June 2015
Volume 56, Issue 7
ARVO Annual Meeting Abstract  |   June 2015
Vision impairment from hemianopia
Author Affiliations & Notes
  • Russell L Woods
    Schepens Eye Research Institute, Boston, MA
  • Sarah S S Sheldon
    Schepens Eye Research Institute, Boston, MA
  • Footnotes
    Commercial Relationships Russell Woods, Schepens Eye Research Institute (P); Sarah S Sheldon, None
  • Footnotes
    Support None
Investigative Ophthalmology & Visual Science June 2015, Vol.56, 499. doi:
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      Russell L Woods, Sarah S S Sheldon; Vision impairment from hemianopia. Invest. Ophthalmol. Vis. Sci. 2015;56(7 ):499.

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      © ARVO (1962-2015); The Authors (2016-present)

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Purpose: Homonymous hemianopia (HH), the loss of vision on one side in both eyes, is a frequent consequence of post-chiasmal lesions from conditions such as stroke. Under many definitions (e.g. classification systems), HH is not considered a visual impairment. We examined the disability caused by HH, and compared it to central vision loss (CVL) and normal vision (NV).

Methods: Three studies are reported: (1) A survey about experiences with television, computers, hand-held video devices, movies at the cinema, and photography compared HH, (n=78) to NV (n=157) and CVL (n=113); (2) Measurement of the information acquired from video (the ability to follow and describe the story) compared HH (n=9) to NV (n=75) and CVL (n=12) using an objective, computational-linguistics analysis of the free-recall, natural-language responses; (3) perceived vision-related ability using the independent mobility questionnaire (IMQ) and the NEI-VFQ 25 (HH, n=196) evaluated using Rasch analysis.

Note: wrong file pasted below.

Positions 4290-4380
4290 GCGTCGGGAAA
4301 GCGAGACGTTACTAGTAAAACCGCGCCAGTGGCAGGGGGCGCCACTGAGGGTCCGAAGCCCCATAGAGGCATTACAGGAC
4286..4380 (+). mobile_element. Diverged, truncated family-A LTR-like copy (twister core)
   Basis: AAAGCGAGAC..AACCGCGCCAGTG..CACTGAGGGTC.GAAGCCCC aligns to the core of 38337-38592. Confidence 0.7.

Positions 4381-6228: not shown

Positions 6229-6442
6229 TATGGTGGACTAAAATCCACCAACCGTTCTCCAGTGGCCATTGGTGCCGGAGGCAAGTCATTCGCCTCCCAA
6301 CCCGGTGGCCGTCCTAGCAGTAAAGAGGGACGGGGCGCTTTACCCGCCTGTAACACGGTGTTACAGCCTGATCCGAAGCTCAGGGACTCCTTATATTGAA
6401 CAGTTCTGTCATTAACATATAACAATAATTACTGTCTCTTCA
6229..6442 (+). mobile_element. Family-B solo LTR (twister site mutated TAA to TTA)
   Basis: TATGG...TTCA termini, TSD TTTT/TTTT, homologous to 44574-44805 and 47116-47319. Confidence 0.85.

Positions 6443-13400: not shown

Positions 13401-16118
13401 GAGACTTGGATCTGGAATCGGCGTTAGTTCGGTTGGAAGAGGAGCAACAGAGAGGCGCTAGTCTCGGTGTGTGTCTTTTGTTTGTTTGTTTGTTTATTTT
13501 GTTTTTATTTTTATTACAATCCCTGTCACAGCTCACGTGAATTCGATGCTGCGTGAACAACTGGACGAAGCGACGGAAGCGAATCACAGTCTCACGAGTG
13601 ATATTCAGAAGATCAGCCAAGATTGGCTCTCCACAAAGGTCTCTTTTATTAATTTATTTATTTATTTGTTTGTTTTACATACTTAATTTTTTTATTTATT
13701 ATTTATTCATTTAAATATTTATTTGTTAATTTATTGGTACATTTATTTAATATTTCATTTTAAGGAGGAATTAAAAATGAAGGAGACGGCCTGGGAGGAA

Results: People with HH were more likely to report difficulty watching television (p=0.006) or movies (p=0.001), and were less likely to go to cinema (p=0.003) or take photographs (p<0.001) than people with NV. Six (67%) of the subjects with HH had difficulty obtaining information from video (below 95% CI for NV), with a reduction in information acquisition similar to people with CVL, despite “normal” visual acuity and gaze patterns that were similar to people with NV. People with HH reported most difficulty with driving, noticing objects on the side, crowded situations, tasks that are up close, and finding items on a shelf (most negative item measures). They also report adverse mental and emotional effects due to their vision loss such as getting frustrated a lot, and feeling limited in their activities.

Conclusions: People with HH often have and report substantial disability, with wide variations between individuals. These disabilities suggest that HH should be considered a vision impairment.


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